Q. It is noted that Yahshua and his Disciples had long hair. And I imagine many men of that time had long hair as well. Actually, the short hair and clean shaven look is that of the Romans, and their influence. I myself do not wish to look ROMAN. So please show me in the Scriptures where I am instructed to cut my hair. 

A.  The sign of one under a Nazarite vow was the long hair. That by itself made the man different than the rest of the Israelites. Thus, it is clear that the average Israelite did indeed trim his hair. Numbers 6:5 shows us this is true. The man was to let the locks of the hair of his head grow. Is this not a departure from the norm, to let one’s hair grow when under the Nazarite vow?  This is counter to your statement that short hair is representative of Roman culture and unproven. Israelites wore a beard. So did Yahshua, Isaiah 50:6. The pictures portraying Yahshua with long hair have no basis for long hair.
            When Paul finished his short-term vow we read that he then cut his hair (Acts 18:18) to conform to the rest of the Israelite population. If a long-haired Nazarite was common in Israel then Paul would not have cut his hair after the completion of the vow.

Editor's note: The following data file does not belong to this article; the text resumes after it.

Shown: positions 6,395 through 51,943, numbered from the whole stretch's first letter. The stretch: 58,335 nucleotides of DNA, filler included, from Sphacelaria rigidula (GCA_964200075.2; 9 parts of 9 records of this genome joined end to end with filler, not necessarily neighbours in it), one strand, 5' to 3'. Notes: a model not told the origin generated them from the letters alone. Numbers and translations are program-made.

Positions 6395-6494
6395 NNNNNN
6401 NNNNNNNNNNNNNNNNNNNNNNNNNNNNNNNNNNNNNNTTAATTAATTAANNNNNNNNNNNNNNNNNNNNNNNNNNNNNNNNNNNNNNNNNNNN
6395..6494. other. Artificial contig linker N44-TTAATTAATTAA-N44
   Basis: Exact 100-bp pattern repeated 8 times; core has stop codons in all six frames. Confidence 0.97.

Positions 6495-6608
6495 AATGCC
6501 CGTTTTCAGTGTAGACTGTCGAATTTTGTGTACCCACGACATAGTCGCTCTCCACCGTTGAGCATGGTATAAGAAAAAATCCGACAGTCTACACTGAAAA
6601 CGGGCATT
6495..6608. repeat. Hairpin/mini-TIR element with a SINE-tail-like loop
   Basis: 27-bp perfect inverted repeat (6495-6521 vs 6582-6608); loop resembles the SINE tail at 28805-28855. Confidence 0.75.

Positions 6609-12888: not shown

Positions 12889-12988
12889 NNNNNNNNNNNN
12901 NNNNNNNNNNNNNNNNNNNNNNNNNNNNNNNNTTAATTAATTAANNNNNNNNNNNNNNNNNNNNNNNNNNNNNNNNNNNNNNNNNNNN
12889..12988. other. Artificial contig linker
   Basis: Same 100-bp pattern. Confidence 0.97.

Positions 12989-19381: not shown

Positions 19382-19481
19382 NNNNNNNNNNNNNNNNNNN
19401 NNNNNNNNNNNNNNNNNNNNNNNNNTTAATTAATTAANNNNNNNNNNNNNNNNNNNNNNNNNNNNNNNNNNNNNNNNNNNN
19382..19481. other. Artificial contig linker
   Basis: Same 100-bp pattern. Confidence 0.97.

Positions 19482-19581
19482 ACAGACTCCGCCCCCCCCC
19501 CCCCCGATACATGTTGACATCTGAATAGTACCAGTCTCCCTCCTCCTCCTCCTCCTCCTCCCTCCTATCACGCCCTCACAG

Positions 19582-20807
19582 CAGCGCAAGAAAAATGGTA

We often read of Absalom and his long hair (2 Sam. 14:26) which apparently was unusual for a man, and the long hair really got into trouble later. 1 Cor. 11 certainly clarifies that a woman is given long hair, so he had his cut after the vow was fulfilled. Note that the Nazarite vow was under the Levitical priesthood. We are now under the Melchizedek order. You somehow seem to feel that cutting your hair is compromising the Roman look. Was Joseph compromising the “Egyptian look” when he shaved himself (Gen. 41:14) to appear unto Pharaoh?  I hope these few words are helpful.

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